With the recent fatal train wreck in South Carolina coming nearly on the heels of the fatal Amtrak accident in Washington State, more questions are being asked about the safety of rail travel in the US. Outdated tracks and signaling systems, aging train cars, and a lack of training for employees are all being cited as serious concerns. For the injured parties, the families of those who were killed, and the owners and operators of the train companies, the legalities of the issue are also called into question. Namely, who is at fault for the deadly wreck in South Carolina is the biggest question being posed right now. Additionally, what can be done to avoid another wreck of this type is also being studied.
Deciding Who Is At Fault
It is not always easy to determine who is at fault in an instance like this. For example, if a moving car hits a stopped car, the driver of the moving car would almost always be at fault. They struck a stationary object. But with a train, there is no opportunity to swerve to avoid something stopped on the tracks. These trains are at the mercy of switches, which provide them with signals as to whether they are clear to proceed or not. They also have set track speeds they must follow for safety. But when something goes wrong, even a quick reaction time may not make a difference. Trains can take up to a mile or more to come to a full stop, and that is well past when they would have struck an object on the tracks.
What is Positive Train Control, and Would It Have Helped?
Positive train control is a system designed to detect how fast trains are moving and slow or stop them if they are traveling too quickly or there is a problem with the track ahead. Whether this system would have helped in this instance is questionable, however, because the switch that would have kept Amtrak on the proper track was in the wrong place. The system of signals on which the engineer relies was down for maintenance. In that scenario, positive train control may not have been up and working, either, and it may not have provided insight into the realization that Amtrak train 91 was moved to the wrong track and not requested to slow down or come to a stop for safety.
Switch Keys Can Be Bought Online
Going online to eBay or other sites makes it easy for anyone to buy a switch key for CSX or other train companies. These keys and the locks they work are not changed frequently, if at all. Some keys from years ago will still work switch locks today. So there is a concern that this may have been sabotage. Recent developments in the NTSB’s investigation do not indicate that this was the case, but it is still a theory held by some until the final report is released. The most likely scenario, however, is that there was no sabotage and that the worker(s) responsible for that switch had it in the wrong place by accident, or through carelessness, while they were doing maintenance work on the track and signal system.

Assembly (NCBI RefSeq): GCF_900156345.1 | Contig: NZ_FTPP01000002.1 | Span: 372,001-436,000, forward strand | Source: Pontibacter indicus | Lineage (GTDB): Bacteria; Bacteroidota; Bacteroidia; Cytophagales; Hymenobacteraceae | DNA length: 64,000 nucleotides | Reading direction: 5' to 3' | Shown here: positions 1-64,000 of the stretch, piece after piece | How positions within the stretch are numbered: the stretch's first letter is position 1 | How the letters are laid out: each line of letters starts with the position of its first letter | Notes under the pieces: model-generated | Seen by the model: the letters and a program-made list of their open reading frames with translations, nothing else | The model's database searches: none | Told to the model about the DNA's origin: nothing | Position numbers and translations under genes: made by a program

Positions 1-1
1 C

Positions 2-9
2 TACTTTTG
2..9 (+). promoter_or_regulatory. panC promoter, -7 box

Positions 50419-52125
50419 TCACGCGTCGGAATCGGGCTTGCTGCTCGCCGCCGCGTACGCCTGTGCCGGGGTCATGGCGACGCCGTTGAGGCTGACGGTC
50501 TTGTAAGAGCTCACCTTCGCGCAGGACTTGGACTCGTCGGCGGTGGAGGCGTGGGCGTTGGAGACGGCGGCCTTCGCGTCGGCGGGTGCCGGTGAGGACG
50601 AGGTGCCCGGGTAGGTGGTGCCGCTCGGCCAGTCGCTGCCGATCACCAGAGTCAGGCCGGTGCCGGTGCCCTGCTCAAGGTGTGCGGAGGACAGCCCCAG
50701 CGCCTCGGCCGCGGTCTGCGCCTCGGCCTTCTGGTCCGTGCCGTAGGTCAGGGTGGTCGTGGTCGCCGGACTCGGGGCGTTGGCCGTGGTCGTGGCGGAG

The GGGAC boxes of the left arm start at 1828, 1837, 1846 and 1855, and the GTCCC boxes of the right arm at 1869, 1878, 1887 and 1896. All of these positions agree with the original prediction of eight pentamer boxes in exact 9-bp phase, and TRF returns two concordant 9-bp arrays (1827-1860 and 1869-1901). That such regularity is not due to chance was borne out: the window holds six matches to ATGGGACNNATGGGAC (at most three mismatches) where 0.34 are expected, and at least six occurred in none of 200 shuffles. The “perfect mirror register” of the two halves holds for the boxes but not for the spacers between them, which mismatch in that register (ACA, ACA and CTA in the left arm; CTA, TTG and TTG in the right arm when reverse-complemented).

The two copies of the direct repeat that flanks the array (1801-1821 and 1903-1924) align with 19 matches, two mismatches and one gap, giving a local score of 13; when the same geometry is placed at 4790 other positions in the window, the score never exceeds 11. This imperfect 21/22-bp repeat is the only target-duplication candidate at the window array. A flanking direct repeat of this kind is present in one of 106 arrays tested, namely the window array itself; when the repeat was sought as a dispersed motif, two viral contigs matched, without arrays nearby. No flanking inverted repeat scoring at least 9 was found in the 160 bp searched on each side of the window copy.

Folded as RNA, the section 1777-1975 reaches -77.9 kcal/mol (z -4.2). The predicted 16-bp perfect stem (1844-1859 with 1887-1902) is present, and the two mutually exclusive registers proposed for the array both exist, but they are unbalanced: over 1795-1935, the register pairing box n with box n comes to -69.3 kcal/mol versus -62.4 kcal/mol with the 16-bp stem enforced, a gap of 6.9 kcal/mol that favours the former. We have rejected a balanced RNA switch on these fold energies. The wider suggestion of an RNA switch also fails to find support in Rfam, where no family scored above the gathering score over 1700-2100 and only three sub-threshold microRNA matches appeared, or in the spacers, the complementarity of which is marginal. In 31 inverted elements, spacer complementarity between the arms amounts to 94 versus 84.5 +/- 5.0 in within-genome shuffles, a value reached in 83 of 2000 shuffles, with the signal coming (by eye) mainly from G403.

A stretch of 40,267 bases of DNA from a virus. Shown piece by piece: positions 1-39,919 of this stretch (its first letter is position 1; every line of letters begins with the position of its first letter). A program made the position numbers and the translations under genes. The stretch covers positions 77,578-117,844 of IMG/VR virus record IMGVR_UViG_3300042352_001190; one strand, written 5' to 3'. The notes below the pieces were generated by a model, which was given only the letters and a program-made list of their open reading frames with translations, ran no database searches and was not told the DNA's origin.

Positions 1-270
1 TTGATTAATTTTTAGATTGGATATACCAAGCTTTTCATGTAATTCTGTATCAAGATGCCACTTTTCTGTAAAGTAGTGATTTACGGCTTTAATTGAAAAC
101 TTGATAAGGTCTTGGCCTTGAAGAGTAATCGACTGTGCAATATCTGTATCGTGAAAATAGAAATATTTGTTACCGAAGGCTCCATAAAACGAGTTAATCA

Maintenance May Have Made a Mistake
All of the preliminary findings indicate that maintenance played the most significant role in this particular train accident. Having a switch in the wrong place can happen, and having signals and warning systems down for maintenance can also occur, but this scenario was created through a lot of poor timing and bad decisions, it would appear. Until the entire investigation is complete, however, it is not possible to say exactly what caused the crash of Amtrak train 91 into a stopped CSX freight train on a siding in South Carolina. As the investigation continues, there may be other details that come to light and that have to be addressed and considered as part of the puzzle.
What the NTSB Looks For
When the NTSB conducts an investigation, it looks for a number of things. In this case, it will consider the condition of the track, the placement of the switches, and the maintenance issues that were taking place. It will also look at which employees were responsible for the switches and maintenance, and autopsies will likely be performed on the fatalities to determine whether they were in any way potentially impaired at the time of the crash. There are “black box” recorders on trains, just like there are on airplanes, and those will be studied, as well. The NTSB is very thorough in their investigation, and will only release a full report when they feel they have completely addressed the issue.
So, What Really Happened to the Train?
What really happened to Amtrak train 91 may not be settled for months, but all of the preliminary evidence points to a train that was guided to a siding where it should not have been. That occurred due to a switch in the wrong place, and signals that would have avoided the problem down for maintenance reasons. Whether this is eventually ruled as a tragic mistake or a chargeable accident through negligence remains to be seen.
For questions about legal responsibility, contact Branch & Dhillon, P.C. to speak with an attorney.